The publication of the Panama Papers is a bombshell, though the fallout is being felt much more in countries such as Iceland than in the United States. It’s true that the revelations about offshore tax havens have mentioned domestic counterparts such as Delaware, Nevada and Wyoming, but officials in those states don’t seem to think that any action needs to be taken. As the headline of an article in the BNA Daily Tax Report put it: STATES GIVE GROUP SHRUG TO PANAMA PAPERS.
One reason for the tepid reaction is that the criticisms have been heard before. As BNA points out, a 2006 report from the Treasury Department’s Financial Crimes Enforcement Network (FinCEN) listed the three states as being especially appealing to those seeking to create shell companies.
Another basis for complacency by the states is that their practices are part of a long and unfortunate tradition in the United States politely called federalism, but which is really a race to the bottom when it comes to oversight of corporations and the wealthy.
This trend dates back to the 19th Century, when the efforts of tycoons such as John D. Rockefeller to create vast industrial empires came up against the fact that state laws governing corporate charters put restrictions on the size and scope of a corporation’s activities, including the ownership of out-of-state companies. Rockefeller’s flagship firm Standard Oil of Ohio tried to get around this by creating the Standard Oil trust, in which affiliates were nominally independent but were actually controlled by a centralized board chosen by Rockefeller. Similar trusts were created in a variety of other industries.
Standard Oil’s transparent effort to circumvent state law was eventually struck down by the Ohio Supreme Court, but by that time Rockefeller and other robber barons had a new tool at their disposal: the willingness of some states to water down their chartering regulations to make them more attractive to big business.
The pioneer of this practice was New Jersey, which adopted a series of legislative measures from the 1870s through the 1890s to make its regulations more business-friendly. During this period, New Jersey became the destination of choice for trusts looking to legitimize themselves by reincorporating in a state that had no problem with bigness. That position was reinforced after Standard Oil made the Garden State its new base of operations. Muckraker Lincoln Steffens took to calling New Jersey the “traitor state.”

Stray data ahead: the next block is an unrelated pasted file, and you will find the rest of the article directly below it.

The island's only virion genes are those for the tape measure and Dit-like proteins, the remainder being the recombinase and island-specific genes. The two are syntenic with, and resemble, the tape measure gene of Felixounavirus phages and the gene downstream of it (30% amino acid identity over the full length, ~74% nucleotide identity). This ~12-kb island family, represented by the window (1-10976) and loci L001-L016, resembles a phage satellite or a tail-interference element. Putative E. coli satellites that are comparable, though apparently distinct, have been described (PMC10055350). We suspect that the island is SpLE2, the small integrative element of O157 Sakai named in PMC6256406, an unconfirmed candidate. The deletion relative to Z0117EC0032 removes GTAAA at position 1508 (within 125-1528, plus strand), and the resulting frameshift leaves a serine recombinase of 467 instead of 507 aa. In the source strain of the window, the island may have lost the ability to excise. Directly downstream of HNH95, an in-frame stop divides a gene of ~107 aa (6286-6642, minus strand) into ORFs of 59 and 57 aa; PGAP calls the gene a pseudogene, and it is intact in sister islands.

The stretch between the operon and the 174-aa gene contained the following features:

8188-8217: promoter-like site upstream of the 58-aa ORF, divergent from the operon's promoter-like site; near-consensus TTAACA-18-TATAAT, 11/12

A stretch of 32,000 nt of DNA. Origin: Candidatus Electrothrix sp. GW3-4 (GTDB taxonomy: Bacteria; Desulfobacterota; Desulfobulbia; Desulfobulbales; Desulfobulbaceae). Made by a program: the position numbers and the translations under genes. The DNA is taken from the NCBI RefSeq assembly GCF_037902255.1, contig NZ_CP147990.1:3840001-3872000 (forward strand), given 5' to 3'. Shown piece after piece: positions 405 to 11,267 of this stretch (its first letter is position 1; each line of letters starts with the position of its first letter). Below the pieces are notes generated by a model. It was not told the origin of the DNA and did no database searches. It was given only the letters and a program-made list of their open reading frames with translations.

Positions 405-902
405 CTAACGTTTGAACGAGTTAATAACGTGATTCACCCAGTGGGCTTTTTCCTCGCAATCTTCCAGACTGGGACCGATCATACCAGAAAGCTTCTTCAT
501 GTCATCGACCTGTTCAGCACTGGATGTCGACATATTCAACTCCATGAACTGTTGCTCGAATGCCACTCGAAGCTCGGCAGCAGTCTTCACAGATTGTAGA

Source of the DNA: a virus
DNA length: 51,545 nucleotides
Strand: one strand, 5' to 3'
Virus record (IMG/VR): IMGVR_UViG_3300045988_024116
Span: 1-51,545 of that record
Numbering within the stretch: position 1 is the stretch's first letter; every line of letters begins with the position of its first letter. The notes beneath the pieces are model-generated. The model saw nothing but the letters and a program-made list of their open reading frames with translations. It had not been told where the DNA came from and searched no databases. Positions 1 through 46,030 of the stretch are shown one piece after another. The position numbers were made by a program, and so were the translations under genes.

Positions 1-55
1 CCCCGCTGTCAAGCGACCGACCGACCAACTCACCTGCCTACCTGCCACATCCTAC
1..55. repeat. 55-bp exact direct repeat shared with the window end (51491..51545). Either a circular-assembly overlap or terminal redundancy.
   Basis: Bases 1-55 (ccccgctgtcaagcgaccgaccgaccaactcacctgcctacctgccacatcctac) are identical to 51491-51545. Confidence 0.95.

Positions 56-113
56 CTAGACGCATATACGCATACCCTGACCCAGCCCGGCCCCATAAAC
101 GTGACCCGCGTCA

Other states sought to get in on this action. In 1899 Delaware adopted a corporation law that was even looser than New Jersey’s and had lower incorporation fees and franchise taxes. After New Jersey later changed course and went back to stricter corporation laws, it was Delaware that became the new mecca of corporations and has remained so to the present day.
Looser chartering procedures not only helped large corporations get larger but also made it easier for both businesses and wealthy individuals to set up the kind of shell companies highlighted in the Panama Papers. The ability and willingness of states to compete with one another to offer the most corporate-friendly practices goes well beyond company formation and governance.
Two areas in which the effects have been most pernicious are economic development and labor relations. Starting in the 1930s but especially during the past few decades, states have been willing to hand over larger and larger “incentive” packages to corporations to lure investments. For example, in 2014, following a multi-state competition, tax haven Nevada gave away nearly $1.3 billion in taxpayer revenue to get Tesla Motors to locate an electric-car battery plant in the state.
Some states also lure companies with the promise of weak or non-existent labor unions. Ever since the Tart-Hartley Act of 1947, states have had the right to enact laws outlawing union security provisions in collective bargaining agreements. These so-called right-to-work laws tend to weaken the ability of unions to organize while saddling existing unions with lots of free riders who don’t contribute to the cost of running the organization.
It’s widely understood that the notion of states’ rights is often a smokescreen for racial discrimination, but it’s also part of what enables other retrograde practices such as union-busting, corporate welfare and tax dodging.